Wednesday, August 29, 2012


In these dog days of summer I find myself contemplating perseverance.  This week I have experienced both the delightful fruits of perseverance and an invitation for continued perseverance.  I am reminded once again of the value of the process…the steady determined steps which one day become the goal.  I also find my heart filled with gratitude as I contemplate God’s perseverance in maintaining the covenant even as my steps may wander and falter.  May we each have the grace to persevere as we live out the richness of the journey to which we are called.
     Sr. Kimberly Porter, OSB

Wednesday, August 22, 2012

Falling upon God

     I am a visual learner. For example, when I need directions, a map or printed words clarify things for me much more than oral description. Since our recent retreat, I’ve been reminded several times of how I relate to images. 
     During retreat one of the psalms spoke of God’s love being poured out, and in my mind I saw someone being filled like a vase is filled with water. Now I’m finding this concept makes it a little easier to deal with difficult people. I guess it’s harder to stay upset with someone when you can visualize how much God loves them. 
     Then just the other day I was reading again Daniel Ladinsky’s renderings of poetry by the 14th century Persian Hafiz. (The book is called I Heard God Laughing.). Here’s the quote that jumped out to me this time:
“Pulling out the chair beneath your mind and watching you fall upon God…”
Wow! I saw myself in the air and gently falling into a cloud after the chair of my expectations/plans/whatever was pulled out from beneath me. 
     I wondered if I could I ever get to a point where I could “fall upon God” this readily when my best laid designs go awry? I can only pray and keep working at it. 
      Sr. Colleen Winston, OSB

PS: If you are also someone fascinated with imagery, I put more of those used by Hafiz into my personal blog. You might be interested in checking it out. It’s at

Thursday, August 16, 2012

Feast of the Assumption of the Blessed Virgin Mary

     August 15 is the Feast of the Assumption of Mary into Heaven.  It is a feast of mystery.  There are many mysteries in our Faith.  I guess that's the meaning of faith.  I am reminded of the famous saying: "Life is a mystery to be lived and not a problem to be solved".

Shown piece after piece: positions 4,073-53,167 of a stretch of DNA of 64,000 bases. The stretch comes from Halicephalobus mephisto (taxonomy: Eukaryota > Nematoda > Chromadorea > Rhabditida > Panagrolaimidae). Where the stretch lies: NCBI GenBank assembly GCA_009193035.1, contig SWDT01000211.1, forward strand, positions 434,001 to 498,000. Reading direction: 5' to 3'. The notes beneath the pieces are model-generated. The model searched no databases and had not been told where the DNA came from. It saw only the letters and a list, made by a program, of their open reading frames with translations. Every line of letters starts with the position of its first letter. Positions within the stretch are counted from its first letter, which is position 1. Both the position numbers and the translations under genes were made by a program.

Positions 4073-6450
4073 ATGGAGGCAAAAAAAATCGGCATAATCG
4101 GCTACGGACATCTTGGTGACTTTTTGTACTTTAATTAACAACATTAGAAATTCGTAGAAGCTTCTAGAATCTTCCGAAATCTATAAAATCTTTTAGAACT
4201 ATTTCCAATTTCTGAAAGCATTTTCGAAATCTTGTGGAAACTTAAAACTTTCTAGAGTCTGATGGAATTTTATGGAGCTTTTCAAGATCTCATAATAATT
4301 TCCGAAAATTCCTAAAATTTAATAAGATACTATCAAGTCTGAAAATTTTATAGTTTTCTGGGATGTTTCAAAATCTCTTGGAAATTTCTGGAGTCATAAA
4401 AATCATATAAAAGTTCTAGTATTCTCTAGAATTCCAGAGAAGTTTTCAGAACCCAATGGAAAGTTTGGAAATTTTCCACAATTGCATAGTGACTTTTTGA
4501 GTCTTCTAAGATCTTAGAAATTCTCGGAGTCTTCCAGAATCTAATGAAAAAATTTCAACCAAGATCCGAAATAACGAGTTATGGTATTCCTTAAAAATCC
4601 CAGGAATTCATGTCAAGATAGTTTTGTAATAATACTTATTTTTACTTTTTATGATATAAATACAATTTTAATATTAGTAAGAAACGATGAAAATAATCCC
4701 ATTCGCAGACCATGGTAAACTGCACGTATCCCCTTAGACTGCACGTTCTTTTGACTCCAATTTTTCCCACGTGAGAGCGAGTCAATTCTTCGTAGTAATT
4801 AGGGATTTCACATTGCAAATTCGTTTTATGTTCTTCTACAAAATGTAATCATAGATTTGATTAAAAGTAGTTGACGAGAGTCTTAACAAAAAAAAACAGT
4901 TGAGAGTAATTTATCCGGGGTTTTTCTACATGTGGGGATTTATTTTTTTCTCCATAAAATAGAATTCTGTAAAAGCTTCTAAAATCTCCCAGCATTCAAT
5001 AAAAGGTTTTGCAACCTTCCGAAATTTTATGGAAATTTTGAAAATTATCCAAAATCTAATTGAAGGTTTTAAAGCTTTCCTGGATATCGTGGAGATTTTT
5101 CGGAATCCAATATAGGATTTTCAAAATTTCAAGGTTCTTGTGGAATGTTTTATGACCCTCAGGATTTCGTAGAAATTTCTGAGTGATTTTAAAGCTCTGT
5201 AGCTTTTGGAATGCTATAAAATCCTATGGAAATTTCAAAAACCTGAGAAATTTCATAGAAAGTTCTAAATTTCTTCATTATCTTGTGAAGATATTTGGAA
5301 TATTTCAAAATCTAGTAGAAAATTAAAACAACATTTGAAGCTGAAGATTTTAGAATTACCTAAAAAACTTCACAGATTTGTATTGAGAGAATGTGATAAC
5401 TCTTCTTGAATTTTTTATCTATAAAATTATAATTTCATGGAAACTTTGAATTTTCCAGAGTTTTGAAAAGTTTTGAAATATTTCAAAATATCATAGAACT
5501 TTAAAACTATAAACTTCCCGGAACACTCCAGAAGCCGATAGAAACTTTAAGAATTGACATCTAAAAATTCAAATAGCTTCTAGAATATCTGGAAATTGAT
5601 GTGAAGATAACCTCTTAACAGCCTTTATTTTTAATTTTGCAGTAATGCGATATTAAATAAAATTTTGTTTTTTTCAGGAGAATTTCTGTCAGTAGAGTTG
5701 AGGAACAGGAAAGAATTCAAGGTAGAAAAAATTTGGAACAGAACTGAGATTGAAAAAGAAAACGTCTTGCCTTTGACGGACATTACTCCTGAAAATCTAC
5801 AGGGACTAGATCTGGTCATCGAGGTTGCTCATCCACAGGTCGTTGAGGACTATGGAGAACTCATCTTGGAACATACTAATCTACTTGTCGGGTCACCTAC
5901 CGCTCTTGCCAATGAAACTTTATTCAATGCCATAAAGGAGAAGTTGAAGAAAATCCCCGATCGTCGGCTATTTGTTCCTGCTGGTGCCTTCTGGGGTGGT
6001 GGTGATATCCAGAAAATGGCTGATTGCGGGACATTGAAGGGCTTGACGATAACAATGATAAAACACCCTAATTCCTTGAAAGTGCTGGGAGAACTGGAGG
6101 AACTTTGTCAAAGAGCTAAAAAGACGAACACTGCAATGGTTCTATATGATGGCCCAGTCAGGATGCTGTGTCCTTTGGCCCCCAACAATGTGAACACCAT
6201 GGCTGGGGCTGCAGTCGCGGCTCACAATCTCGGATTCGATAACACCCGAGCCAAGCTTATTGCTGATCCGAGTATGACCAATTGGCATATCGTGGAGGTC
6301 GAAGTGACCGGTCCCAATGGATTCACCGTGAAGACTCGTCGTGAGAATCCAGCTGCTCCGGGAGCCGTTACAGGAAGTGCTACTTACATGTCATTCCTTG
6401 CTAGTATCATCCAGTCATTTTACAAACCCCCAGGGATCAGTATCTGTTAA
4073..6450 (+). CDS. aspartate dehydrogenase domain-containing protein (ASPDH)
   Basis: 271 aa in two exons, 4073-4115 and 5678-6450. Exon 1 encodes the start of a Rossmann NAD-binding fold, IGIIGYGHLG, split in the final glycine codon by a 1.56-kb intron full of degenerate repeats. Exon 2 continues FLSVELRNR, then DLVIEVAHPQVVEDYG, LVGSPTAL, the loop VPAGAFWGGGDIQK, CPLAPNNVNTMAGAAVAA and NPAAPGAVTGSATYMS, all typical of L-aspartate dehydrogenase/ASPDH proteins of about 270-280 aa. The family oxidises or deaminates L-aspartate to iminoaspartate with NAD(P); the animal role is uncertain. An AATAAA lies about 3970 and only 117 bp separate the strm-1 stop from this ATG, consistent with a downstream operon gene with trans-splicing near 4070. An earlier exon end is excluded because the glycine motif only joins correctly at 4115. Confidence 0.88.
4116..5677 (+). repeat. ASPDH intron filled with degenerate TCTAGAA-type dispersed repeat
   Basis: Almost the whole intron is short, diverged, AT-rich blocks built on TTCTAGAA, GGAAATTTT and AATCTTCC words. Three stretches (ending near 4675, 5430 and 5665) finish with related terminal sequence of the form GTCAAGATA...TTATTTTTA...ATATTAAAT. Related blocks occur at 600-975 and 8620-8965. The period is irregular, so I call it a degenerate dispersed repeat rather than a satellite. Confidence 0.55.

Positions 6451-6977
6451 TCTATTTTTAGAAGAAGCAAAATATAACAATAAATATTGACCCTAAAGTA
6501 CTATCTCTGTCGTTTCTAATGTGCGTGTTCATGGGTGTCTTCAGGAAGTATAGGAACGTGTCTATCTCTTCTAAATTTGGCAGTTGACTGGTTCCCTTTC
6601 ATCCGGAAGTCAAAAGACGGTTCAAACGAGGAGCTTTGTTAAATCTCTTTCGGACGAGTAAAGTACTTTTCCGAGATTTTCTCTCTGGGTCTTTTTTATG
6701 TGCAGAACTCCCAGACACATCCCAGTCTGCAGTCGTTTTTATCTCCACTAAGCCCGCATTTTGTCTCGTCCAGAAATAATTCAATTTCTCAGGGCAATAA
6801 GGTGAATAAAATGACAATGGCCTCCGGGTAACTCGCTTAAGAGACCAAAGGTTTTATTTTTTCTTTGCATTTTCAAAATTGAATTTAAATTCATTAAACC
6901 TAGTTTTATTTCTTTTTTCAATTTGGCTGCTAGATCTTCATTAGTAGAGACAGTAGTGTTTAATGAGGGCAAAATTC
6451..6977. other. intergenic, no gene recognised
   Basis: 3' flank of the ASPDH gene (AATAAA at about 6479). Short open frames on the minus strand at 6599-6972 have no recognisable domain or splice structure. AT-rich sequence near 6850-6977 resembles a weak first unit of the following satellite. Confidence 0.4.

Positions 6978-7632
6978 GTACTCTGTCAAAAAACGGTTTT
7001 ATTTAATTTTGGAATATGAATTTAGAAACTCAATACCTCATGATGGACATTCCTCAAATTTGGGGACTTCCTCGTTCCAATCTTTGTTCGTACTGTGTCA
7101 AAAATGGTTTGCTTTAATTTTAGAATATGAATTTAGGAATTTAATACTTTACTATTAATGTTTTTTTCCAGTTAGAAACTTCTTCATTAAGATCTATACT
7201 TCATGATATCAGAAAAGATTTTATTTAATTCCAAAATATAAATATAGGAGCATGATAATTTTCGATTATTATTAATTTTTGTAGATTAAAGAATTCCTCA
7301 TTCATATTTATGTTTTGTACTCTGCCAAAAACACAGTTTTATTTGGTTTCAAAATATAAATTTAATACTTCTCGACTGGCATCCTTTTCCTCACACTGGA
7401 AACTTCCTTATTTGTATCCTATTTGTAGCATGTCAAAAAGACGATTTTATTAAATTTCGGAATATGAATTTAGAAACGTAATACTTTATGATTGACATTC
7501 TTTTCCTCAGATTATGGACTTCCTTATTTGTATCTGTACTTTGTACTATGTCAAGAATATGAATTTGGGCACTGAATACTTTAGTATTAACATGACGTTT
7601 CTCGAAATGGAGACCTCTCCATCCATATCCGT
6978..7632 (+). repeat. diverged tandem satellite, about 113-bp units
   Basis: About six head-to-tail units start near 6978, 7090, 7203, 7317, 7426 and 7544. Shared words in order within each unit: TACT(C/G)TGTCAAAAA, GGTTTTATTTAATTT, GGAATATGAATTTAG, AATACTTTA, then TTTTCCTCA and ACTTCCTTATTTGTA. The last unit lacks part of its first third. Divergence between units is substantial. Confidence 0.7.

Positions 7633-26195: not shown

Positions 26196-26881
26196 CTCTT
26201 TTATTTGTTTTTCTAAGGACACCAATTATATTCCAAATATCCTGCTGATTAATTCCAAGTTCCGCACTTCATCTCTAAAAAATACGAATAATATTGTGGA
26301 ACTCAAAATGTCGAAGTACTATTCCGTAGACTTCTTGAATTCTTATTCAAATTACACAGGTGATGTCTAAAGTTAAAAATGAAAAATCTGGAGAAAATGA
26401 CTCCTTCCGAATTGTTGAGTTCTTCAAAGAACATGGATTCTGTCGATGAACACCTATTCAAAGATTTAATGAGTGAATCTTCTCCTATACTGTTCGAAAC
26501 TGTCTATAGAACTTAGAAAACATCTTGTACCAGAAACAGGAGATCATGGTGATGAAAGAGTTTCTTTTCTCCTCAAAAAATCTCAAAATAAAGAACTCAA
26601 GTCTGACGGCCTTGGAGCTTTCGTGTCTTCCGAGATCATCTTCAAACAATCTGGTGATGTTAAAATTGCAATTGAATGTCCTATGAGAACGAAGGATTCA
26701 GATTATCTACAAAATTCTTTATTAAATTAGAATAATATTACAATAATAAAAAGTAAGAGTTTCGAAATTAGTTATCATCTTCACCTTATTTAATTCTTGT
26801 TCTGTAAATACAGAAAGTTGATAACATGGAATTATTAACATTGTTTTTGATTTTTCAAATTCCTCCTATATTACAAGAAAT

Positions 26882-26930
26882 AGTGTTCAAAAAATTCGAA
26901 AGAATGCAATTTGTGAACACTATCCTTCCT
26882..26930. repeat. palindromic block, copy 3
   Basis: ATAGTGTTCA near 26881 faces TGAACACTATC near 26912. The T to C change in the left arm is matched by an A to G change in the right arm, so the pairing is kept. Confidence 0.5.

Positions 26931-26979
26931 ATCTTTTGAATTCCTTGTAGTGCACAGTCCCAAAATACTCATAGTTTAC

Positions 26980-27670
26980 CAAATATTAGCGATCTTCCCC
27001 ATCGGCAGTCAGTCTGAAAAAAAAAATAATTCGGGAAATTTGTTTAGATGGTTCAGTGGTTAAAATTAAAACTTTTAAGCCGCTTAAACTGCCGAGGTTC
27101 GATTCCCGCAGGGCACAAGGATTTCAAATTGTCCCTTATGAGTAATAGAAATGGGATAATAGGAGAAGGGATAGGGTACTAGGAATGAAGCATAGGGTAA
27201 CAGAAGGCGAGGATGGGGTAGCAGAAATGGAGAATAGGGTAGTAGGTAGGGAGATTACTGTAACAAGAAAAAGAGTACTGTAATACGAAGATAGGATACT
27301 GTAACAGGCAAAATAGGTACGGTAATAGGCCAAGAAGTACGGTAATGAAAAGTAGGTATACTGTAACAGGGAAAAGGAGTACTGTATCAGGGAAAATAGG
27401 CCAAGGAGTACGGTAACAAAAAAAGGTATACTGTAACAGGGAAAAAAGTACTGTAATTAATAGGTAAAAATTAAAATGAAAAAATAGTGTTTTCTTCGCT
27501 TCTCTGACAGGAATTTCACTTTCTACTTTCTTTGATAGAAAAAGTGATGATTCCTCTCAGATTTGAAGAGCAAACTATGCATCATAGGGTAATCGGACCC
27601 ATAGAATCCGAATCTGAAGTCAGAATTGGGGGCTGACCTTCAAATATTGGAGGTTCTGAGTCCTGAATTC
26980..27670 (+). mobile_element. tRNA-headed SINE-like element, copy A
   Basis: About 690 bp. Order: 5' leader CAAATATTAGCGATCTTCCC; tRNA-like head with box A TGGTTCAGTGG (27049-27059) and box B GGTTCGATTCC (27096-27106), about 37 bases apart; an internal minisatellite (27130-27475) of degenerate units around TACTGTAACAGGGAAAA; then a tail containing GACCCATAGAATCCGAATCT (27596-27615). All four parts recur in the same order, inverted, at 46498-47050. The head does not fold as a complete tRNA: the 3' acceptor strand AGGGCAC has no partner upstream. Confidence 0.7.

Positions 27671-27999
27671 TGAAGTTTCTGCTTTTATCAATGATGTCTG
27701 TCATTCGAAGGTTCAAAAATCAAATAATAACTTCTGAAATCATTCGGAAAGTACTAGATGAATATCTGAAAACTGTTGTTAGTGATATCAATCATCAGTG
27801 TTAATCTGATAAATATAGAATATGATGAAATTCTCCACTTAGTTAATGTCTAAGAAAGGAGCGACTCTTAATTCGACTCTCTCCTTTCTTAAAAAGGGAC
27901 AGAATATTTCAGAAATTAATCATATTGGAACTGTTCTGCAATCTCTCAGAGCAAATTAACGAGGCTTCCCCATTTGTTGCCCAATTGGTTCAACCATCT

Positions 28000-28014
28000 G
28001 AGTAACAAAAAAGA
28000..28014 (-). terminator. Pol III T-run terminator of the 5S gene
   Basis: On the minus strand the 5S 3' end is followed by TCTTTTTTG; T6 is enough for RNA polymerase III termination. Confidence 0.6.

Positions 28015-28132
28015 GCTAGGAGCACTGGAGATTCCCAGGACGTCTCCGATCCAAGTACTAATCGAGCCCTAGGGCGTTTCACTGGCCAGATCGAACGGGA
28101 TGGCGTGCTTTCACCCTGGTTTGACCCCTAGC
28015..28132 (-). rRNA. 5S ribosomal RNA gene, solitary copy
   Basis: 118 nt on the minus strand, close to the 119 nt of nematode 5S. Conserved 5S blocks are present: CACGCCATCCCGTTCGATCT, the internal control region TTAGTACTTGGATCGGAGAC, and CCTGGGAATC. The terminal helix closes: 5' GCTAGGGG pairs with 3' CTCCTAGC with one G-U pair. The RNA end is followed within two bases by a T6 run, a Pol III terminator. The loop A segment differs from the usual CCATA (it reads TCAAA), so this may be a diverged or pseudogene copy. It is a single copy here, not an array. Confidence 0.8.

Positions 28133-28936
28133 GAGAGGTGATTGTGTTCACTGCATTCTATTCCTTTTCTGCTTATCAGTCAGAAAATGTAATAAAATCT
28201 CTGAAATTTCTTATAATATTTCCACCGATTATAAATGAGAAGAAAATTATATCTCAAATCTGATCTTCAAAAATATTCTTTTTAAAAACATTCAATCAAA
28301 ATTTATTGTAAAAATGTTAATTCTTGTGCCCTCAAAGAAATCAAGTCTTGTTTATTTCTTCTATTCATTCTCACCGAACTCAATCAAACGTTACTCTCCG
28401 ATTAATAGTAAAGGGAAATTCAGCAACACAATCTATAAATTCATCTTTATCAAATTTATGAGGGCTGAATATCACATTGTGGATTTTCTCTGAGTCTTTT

We know from Scripture how Mary lived. We know how she humbly listened to God. How she echoed Jesus' words, "Not my will but yours be done".  Mary is truly an example of faith for us and a model of how to live and be true disciples of Jesus.  She has many lessons for us. On August 15 and every day, we pray "Mary, lead us to eternal life with Jesus".

Wednesday, August 8, 2012

Retreat Jottings

     The annual community retreat always leaves me with a spiritual high and this year’s was no exception. Directed by the Most Rev. Joseph L. Charron, C.PP.S., Bishop Emeritus of the Diocese of Des Moines, Iowa, the July 29 to August 3 retreat raised the bar for inspiration, or more truly, for the certain presence of the Holy Spirit. 
     The Word of God in the celebrations of Eucharist and Liturgy of the Hours, and in Bishop Charron’s person and conferences, spoke powerfully to all of us. While the soil outdoors baked in extreme summer heat, the community’s soul was drenched with grace. 
     We were reminded that “without silence words lose their meaning,” and that every day the Good News is that Jesus is knocking at our door with promise and mission for us. We were encouraged to be free, honest and humble enough to come close to Jesus and to respond to the will of God as Mary did. Yet conversion is an ongoing process, so forgiving and receiving mercy are integral to community life. Because we are tempted basically by “plenty, pleasure and power”, our religious profession calls us to be generous, hospitable and obedient as members of a monastic “communion”. 
     My favorite conference was on hope. Bishop Charron used the scriptural image of the potter shaping and re-shaping the clay to illustrate how God creates, shapes and sustains us so that, hand in hand with God, we become messengers of hope. Grounded in God’s powerful love, hope enables us to expect the positive, to grow in patience, forgiveness and generosity and above all, to trust God’s creativity without doubt. 
     The whole retreat provided a “time-out” and renewal for community members. We are grateful to God for Bishop Charron, for Sr. Martha Feder’s library offerings, for employees and for each other who made the 2012 retreat a highly holy journey.
      Sr. Martha Walther, OSB